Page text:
Use this URL to cite or link to this record in EThOS: http://ethos.bl.uk/OrderDetails.do?uin=uk.bl.ethos.628761
Title: "In his master's steps he trod" : Alan Rawsthorne and Frederic Chopin : the piano ballades
Author: Khalaf, Abdullah
Awarding Body: University of Southampton
Current Institution: University of Southampton
Date of Award: 2014
Availability of Full Text:
Access through EThOS:
Full text unavailable from EThOS. Please try the link below.
Access through Institution:
Abstract:
Alan Rawsthorne is a difficult to place as a composer. To many, his work seems conservative, even academic. Yet in 1937, Patrick Hadley recommended him to Cecil Gray as one of the most 'modern' composers of his generation. This thesis examines the question of Rawsthorne's attitude to contemporary composition, through the lens of his engagement with Chopin. I examine both Rawsthorne's well-known second Ballade (1967) and his comparatively unknown first Ballade (1929), comparing one with the other and analysing them for traces of Chopin's iconic works in the ballade form. I also draw on Rawsthorne's own analysis of the Chopin ballades. Rawsthorne's ballades are clearly a kind of homage to Chopin, insofar as they travel a similar narrative path. It seems, however, that a deeper similarity exists. Like Chopin - who wrote his ballades in a time of great political uncertainty - Rawsthorne turned to the ballade during periods of turbulence and unrest in the world around him (ie., the late 1920s and the late 1960s). In Rawsthorne's case, he wrote music about liberation, which seemed to take on a special meaning for him. In my reading, Rawsthorne's ambivalent approach to tonality and tonal structure, for instance, indicates a kind of troubled search for freedom; equality in a multi-culturalist community and a search for liberty of mankind. Thus, Rawsthorne appears to contribute to the ballade that Chopin created. Parakilas identified Chopin's ballade as a European genre, but Rawsthorne's efforts broaden this concept; he sought to create a ballade that could represent a greater diversity of cultures and people. Rawsthorne's re-articulation of Chopin's ballade and his attraction to its non-nationalist narrativity reflects his time and place. Unlike other musical modernists, he was able to make strikingly new music based firmly on past Romantic model.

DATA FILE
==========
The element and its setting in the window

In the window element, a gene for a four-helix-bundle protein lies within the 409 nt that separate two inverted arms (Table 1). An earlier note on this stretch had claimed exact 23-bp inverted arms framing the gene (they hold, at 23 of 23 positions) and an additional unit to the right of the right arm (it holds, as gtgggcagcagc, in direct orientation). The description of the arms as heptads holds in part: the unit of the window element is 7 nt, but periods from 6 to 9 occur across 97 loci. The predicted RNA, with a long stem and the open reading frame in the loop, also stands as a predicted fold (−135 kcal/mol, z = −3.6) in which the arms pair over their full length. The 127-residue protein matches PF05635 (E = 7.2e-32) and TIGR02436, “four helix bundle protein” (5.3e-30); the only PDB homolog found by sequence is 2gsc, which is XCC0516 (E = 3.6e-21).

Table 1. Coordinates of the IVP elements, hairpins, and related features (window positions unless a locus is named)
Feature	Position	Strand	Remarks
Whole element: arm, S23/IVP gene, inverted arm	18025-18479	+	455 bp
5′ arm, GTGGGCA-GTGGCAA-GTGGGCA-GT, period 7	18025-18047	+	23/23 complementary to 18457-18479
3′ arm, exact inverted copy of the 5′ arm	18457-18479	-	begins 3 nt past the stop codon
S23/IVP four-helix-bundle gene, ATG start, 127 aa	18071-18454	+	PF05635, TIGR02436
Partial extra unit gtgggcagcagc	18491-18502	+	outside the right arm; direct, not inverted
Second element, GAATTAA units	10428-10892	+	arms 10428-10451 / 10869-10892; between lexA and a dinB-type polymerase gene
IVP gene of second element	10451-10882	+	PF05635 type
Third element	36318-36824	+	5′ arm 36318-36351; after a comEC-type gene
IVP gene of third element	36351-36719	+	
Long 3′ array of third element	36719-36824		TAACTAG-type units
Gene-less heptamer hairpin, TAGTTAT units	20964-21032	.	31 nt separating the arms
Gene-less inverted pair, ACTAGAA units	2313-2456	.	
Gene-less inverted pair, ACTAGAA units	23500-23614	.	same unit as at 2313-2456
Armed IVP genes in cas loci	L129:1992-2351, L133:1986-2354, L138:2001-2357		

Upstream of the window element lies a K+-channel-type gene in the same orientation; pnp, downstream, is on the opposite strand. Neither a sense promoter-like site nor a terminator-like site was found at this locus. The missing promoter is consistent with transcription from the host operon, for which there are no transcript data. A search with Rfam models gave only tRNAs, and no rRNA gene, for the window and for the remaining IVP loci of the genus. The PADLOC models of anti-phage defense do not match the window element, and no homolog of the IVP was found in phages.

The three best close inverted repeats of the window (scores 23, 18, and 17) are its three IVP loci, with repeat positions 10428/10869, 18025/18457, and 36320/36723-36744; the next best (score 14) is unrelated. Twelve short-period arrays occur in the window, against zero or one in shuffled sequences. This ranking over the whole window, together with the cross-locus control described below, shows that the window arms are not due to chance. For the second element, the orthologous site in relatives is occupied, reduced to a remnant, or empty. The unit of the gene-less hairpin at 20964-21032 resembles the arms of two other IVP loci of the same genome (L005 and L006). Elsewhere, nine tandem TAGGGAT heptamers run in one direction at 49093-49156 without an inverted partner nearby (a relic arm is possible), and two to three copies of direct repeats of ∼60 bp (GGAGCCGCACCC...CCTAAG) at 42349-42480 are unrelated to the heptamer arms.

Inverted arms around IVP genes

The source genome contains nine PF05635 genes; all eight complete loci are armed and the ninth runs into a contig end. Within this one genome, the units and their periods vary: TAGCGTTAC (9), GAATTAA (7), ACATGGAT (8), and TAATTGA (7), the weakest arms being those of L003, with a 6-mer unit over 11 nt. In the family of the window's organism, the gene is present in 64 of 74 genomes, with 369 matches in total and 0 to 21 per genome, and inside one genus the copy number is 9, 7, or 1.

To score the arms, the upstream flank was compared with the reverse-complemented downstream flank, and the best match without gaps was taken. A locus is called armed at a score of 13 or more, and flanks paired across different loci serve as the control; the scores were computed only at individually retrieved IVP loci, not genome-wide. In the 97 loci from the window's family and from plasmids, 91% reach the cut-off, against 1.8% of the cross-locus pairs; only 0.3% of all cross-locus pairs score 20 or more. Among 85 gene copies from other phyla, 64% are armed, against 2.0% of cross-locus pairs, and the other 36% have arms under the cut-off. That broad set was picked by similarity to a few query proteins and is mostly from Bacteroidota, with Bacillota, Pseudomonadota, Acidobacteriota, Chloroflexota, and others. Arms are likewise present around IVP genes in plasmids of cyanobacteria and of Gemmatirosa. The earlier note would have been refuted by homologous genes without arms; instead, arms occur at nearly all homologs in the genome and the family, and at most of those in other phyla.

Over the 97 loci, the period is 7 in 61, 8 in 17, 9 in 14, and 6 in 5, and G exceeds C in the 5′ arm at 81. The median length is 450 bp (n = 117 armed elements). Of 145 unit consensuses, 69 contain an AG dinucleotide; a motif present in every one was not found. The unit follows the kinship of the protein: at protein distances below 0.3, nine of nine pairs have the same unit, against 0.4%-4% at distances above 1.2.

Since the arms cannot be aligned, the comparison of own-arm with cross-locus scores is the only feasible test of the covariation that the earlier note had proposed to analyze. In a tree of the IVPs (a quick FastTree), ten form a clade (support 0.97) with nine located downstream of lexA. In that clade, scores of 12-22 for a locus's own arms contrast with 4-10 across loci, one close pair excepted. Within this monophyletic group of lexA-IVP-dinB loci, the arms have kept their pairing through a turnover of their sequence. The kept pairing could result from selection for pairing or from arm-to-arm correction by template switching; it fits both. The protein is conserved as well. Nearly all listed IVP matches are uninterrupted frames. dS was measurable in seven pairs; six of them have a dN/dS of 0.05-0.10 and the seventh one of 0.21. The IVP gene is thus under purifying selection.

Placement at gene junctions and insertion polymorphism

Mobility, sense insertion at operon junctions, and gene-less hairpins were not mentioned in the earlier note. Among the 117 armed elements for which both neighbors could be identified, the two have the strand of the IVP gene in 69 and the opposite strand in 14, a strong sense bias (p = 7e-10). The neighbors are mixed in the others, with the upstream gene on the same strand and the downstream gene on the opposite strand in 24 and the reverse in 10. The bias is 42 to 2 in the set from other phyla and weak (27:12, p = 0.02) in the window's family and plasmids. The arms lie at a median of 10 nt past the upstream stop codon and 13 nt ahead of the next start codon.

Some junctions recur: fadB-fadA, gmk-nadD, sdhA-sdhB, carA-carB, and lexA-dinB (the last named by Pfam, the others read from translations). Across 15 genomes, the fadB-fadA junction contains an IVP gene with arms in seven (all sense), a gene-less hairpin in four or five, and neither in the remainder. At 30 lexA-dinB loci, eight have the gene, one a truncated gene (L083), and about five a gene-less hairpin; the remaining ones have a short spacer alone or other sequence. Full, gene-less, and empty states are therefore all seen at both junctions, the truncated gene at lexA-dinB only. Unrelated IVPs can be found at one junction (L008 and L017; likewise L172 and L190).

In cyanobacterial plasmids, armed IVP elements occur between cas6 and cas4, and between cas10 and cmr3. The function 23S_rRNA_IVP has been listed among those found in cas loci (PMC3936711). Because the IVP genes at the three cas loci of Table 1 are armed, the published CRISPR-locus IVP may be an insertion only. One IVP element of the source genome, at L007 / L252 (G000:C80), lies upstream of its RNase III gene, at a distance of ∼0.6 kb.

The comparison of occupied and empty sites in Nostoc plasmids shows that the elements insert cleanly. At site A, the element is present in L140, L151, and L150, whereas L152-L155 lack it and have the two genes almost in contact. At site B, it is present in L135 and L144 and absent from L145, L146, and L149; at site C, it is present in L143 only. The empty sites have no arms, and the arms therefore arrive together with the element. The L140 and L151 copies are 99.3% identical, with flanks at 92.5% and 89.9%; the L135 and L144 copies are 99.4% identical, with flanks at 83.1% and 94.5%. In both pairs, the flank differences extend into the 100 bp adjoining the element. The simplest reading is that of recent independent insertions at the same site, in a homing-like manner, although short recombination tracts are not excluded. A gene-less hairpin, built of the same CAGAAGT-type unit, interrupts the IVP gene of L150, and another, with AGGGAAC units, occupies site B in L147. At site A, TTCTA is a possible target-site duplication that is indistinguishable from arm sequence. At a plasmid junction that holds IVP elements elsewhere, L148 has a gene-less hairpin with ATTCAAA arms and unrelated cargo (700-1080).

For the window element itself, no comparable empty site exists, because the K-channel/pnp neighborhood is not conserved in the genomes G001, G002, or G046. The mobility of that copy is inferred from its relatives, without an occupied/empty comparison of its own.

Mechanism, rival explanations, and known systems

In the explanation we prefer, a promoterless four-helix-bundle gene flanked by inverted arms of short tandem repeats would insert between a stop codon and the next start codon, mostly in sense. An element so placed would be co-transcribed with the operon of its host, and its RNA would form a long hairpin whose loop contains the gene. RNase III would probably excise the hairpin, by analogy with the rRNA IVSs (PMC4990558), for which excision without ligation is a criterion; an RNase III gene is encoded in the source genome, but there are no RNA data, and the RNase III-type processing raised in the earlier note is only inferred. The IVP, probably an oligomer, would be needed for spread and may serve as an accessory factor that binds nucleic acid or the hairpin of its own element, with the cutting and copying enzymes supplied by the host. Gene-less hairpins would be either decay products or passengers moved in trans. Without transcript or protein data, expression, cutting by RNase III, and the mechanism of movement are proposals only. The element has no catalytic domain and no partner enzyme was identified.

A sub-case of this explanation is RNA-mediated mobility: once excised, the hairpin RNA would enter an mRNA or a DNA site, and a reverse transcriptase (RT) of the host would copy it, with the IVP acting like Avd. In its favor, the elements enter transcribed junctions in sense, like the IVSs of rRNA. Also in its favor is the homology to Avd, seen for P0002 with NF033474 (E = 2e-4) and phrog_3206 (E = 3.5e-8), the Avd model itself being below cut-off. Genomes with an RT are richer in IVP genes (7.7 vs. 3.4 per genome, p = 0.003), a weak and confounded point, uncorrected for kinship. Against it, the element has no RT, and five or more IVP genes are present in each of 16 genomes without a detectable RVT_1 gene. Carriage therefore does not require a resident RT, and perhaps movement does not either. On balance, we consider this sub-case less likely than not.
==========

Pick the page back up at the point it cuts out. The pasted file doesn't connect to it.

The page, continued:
Supervisor: Irvine, Thomas ; Norris, David Sponsor: Not available
Qualification Name: Thesis (Ph.D.) Qualification Level: Doctoral
EThOS ID: uk.bl.ethos.628761  DOI: Not available
Keywords: M Music
Share: